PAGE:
Customer Intimacy: A Lesson In Worst Practices
With all of the talk about social media, transparency, content relevance, and user-generated content, we most certainly have a grand vision in front of us. As marketers, we want to evolve with our customers, moving from a mindset of pushing our content out to large audiences to a mindset of collaboration and engagement.
What we truly want is the next iteration of Customer Intimacy, a term that originated over a decade ago, yet still applies well in today’s environment. The pinnacle of marketing and product success is to become not only a vendor, but a trusted partner. This can be delivered in a number of ways, from custom product delivery, to special support terms, to well-structured, data-driven marketing efforts that suggest the company truly cares about the customer.
To establish customer intimacy, we need to move past economies of scale and one-size-fits-all thinking. The qualities that matter most are flexibility, responsiveness, and engagement (sounds like social networking, doesn’t it?). And most of all, if you say you know me, you darn well better know me. Even if that’s just a mirage served up by advanced database marketing techniques.
Customer Intimacy: How to Do It Wrong
Earlier this week, I was sorting through a stack of junk mail when I came across an envelope from Domino’s Pizza. Even when sorting through junk, I take a moment to look at each piece for two reasons:
- To see if there are any deals of interest
- To review for any marketing takeaways or lessons I should take note of
Since I tend to eat more healthy, all-natural foods, I was not interested in whatever special coupon or deal the mailer included, but it caught my attention from a marketing perspective. Here is the mailer in question:
Okay, good start. I have in fact purchased Domino’s Pizza in the past. It’s just good database marketing to look at your customers to determine activity/inactivity over time, seasonal patterns, and other trends. It has been quite a while since we’ve ordered from them, so I naturally assumed they did their job and send a re-engagement plea.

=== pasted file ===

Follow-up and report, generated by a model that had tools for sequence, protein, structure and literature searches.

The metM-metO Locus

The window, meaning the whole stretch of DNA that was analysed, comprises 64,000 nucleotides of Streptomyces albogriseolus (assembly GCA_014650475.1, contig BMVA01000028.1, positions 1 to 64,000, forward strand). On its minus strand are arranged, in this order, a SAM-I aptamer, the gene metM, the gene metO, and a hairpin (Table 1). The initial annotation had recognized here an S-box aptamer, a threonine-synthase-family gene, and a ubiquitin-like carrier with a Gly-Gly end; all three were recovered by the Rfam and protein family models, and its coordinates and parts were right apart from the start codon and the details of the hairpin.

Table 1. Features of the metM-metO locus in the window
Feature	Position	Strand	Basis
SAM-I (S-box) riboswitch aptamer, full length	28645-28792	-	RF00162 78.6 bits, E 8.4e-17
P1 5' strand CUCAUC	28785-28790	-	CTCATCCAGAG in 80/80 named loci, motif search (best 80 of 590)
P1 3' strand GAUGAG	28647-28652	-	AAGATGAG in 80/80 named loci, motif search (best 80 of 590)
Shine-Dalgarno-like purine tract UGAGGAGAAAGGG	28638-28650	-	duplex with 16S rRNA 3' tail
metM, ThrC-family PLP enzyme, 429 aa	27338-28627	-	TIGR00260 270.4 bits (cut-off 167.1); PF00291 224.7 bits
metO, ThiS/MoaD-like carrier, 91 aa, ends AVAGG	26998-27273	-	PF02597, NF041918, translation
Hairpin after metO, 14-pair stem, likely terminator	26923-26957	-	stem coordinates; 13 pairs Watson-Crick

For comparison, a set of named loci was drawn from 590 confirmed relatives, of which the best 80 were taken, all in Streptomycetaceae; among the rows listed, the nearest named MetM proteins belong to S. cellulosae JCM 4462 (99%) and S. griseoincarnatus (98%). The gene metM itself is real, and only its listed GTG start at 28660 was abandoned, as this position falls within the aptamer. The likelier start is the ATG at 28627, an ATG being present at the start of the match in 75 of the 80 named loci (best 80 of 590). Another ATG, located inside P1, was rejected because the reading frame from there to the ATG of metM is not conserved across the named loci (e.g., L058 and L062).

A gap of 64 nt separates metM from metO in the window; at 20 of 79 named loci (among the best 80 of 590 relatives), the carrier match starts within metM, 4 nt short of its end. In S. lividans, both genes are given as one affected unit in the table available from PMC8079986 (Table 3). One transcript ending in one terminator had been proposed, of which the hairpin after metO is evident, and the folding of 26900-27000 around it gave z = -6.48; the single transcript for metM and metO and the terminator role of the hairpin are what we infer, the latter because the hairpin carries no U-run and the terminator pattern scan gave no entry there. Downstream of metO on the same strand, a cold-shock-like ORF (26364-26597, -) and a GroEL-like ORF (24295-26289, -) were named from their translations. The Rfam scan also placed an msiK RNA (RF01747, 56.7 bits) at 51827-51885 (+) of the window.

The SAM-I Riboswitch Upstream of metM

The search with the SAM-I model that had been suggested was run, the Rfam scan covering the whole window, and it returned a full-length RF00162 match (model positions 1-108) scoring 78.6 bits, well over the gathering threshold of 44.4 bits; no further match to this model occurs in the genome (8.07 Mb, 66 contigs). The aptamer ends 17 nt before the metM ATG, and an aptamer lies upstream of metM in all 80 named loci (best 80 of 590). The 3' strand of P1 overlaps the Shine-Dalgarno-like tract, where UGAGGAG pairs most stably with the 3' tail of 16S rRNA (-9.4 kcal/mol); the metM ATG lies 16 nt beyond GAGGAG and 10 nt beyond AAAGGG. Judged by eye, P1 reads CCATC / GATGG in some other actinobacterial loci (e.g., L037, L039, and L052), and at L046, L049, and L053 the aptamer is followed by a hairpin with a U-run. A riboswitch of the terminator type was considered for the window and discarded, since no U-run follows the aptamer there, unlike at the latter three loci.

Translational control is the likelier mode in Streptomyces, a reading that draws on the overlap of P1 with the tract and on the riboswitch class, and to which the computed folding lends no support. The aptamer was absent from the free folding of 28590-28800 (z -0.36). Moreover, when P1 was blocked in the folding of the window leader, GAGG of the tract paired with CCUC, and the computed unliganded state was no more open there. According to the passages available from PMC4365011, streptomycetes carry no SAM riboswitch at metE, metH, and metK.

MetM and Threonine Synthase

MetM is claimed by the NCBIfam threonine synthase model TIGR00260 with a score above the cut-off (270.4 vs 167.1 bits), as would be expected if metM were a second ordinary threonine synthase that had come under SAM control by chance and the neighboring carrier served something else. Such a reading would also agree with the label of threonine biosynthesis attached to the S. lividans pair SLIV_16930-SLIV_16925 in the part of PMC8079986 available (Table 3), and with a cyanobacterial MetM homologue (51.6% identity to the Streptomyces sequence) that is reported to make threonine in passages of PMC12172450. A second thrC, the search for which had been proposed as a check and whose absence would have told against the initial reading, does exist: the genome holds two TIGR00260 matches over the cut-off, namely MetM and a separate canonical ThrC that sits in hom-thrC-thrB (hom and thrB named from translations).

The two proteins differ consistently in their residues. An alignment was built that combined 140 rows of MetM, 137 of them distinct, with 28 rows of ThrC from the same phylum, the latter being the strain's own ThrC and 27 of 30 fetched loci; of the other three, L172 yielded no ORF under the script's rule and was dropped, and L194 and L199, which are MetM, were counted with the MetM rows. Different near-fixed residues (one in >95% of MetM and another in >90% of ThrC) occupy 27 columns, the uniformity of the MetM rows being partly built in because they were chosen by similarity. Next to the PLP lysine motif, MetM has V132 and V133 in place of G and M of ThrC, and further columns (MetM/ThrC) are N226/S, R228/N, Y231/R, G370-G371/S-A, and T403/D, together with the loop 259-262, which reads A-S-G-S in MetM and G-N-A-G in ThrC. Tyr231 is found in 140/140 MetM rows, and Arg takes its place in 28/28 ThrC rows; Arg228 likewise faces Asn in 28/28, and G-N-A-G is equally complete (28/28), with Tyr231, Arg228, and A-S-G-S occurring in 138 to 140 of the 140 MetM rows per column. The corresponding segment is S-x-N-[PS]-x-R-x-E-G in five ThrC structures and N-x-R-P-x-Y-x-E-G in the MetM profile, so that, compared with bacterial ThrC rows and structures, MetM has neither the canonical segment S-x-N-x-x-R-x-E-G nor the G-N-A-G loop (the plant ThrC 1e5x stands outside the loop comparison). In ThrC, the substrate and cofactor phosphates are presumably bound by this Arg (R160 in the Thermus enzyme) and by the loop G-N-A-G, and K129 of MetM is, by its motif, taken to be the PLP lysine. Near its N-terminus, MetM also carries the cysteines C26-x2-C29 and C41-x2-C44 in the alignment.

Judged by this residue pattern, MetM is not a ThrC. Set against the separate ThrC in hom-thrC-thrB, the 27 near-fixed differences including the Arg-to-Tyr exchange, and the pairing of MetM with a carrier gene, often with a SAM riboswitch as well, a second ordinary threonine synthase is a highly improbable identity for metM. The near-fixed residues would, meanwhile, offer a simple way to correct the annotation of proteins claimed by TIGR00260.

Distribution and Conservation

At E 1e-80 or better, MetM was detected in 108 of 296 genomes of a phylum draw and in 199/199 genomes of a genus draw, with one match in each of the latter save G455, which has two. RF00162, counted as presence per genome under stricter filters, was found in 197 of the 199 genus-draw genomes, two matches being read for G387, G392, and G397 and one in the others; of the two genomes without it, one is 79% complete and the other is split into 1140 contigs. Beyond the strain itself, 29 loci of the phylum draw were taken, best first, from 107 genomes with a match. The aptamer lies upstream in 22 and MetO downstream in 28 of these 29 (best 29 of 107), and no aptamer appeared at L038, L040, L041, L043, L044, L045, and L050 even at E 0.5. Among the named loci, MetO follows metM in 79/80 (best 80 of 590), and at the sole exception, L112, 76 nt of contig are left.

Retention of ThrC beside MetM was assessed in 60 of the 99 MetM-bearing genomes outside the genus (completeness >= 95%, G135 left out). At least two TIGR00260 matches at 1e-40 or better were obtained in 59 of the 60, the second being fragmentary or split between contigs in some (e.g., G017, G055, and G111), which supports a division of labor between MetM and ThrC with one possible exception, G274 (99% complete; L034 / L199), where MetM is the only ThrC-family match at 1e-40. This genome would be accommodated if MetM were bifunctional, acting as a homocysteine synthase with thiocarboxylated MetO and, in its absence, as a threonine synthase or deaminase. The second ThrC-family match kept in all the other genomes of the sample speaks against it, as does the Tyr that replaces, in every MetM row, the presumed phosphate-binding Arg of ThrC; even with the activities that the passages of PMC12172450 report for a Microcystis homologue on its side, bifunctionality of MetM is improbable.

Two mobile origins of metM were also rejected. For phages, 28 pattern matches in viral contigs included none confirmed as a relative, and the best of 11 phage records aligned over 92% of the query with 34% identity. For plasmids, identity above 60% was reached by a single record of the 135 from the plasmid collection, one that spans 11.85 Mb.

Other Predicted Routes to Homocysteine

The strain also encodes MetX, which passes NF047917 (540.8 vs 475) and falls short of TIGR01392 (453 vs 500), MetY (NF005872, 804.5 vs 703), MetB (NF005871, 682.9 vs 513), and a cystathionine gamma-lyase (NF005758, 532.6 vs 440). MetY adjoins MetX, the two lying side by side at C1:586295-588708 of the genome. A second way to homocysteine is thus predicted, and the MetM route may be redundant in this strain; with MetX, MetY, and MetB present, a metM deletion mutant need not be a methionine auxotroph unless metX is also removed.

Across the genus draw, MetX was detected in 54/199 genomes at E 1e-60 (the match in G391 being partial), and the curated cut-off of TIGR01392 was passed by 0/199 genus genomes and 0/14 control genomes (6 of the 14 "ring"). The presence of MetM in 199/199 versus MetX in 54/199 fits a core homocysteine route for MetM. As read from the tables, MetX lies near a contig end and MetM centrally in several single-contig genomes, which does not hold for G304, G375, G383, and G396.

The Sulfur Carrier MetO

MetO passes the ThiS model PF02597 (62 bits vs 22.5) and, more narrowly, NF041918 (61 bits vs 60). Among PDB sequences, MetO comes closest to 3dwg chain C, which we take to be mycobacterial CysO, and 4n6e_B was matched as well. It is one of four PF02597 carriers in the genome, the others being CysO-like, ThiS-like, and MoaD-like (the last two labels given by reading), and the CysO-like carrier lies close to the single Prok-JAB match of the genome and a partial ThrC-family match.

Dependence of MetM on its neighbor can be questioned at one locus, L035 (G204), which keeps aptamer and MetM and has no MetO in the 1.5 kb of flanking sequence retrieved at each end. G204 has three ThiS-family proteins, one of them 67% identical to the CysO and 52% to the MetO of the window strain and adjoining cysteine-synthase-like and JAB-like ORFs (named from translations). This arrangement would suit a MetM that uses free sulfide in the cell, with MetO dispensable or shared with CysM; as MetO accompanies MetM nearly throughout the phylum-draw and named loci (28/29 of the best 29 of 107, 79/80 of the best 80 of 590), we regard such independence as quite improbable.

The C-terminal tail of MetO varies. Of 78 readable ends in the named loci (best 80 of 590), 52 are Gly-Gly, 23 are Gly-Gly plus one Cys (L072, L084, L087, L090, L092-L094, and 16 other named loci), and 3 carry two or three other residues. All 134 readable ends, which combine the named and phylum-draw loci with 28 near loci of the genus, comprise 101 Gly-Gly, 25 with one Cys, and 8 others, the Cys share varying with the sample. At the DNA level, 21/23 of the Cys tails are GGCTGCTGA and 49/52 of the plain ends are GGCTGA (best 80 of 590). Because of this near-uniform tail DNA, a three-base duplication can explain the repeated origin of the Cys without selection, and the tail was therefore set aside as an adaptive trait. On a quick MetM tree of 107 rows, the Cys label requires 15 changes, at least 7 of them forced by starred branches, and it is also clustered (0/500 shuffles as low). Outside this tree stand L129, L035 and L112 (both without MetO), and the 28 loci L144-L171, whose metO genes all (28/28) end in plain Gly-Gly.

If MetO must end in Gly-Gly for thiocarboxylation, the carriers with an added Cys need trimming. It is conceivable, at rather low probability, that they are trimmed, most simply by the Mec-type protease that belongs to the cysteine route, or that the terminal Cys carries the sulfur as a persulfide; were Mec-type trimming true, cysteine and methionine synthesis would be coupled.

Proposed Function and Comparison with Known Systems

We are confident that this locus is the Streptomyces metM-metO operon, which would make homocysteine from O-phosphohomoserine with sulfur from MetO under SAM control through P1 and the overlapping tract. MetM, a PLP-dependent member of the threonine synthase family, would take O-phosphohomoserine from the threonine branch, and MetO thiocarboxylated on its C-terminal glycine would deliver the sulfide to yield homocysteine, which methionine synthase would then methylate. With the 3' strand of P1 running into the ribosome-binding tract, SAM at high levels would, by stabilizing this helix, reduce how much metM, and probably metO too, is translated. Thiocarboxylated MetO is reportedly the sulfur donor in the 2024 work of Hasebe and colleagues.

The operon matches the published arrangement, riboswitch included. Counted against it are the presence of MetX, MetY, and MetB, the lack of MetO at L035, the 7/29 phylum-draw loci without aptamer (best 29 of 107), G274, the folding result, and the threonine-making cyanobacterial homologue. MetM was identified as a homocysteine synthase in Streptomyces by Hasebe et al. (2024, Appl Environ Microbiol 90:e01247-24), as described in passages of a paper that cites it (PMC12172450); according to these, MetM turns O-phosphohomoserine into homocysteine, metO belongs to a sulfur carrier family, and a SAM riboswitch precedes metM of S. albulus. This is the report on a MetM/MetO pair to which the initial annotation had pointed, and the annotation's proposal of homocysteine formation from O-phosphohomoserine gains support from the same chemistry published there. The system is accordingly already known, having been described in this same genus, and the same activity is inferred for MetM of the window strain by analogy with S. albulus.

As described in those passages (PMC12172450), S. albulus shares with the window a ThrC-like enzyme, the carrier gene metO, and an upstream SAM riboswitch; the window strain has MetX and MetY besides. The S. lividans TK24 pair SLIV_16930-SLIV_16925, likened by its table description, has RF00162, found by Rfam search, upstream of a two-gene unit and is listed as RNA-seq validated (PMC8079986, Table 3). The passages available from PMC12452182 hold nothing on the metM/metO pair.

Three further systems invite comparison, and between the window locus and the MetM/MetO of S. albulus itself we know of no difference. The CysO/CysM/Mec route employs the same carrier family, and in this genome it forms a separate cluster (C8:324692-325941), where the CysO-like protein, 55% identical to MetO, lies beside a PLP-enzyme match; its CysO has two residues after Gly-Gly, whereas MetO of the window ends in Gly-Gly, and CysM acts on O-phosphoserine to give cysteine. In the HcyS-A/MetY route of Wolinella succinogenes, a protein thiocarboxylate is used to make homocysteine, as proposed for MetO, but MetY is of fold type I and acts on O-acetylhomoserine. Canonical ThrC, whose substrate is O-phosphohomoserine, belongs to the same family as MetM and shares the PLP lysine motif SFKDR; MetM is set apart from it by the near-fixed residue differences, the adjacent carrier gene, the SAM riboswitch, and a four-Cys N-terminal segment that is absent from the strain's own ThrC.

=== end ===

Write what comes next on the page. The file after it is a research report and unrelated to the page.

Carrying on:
Then I looked at how the envelope was addressed. See for yourself…
That’s right, they don’t even know my name (which I had to give to them when they took each and every order I’ve ever placed with them)! Even worse, I went ahead and opened the envelope to see if there were any other interesting gaffs, only to find a letter addressed to “Dear Domino’s Pizza Customer”. Of course, they did explain that they noticed no activity on my part in 2011, but by the time I read that part, it was too late.
Small Errors, Big Impact
As you might guess, this mailer had exactly the opposite effect on me than they wanted. Should I get a craving for pizza, they’d be at the bottom of my wish list based on this campaign.
The lesson here is important – if you don’t have the data or the discipline to collect it, then don’t try to pretend you “know” me. Just send a generic message without all the hints that you did some analysis in it. If you can’t or won’t do it right, you simply can’t fake it. Not only will today’s consumers turn on you, but they could easily amplify their complaints online, perhaps via a blog or other outlet. Oh wait, that’s what I just did…
Got Any Examples Of Your Own?
I’d love to see any other amusing or simply awkward attempts at personalization and customer intimacy. If you have something good, share with us in the comments below!
- New Customer Intimacy Executive Guide Available for Download from McMann & Ransford (prnewswire.com)
- Relevance is Not an Option (customerthink.com)
- In the age of Social media, how will corporations differentiate themselves from their competitors? (thebenz.wordpress.com)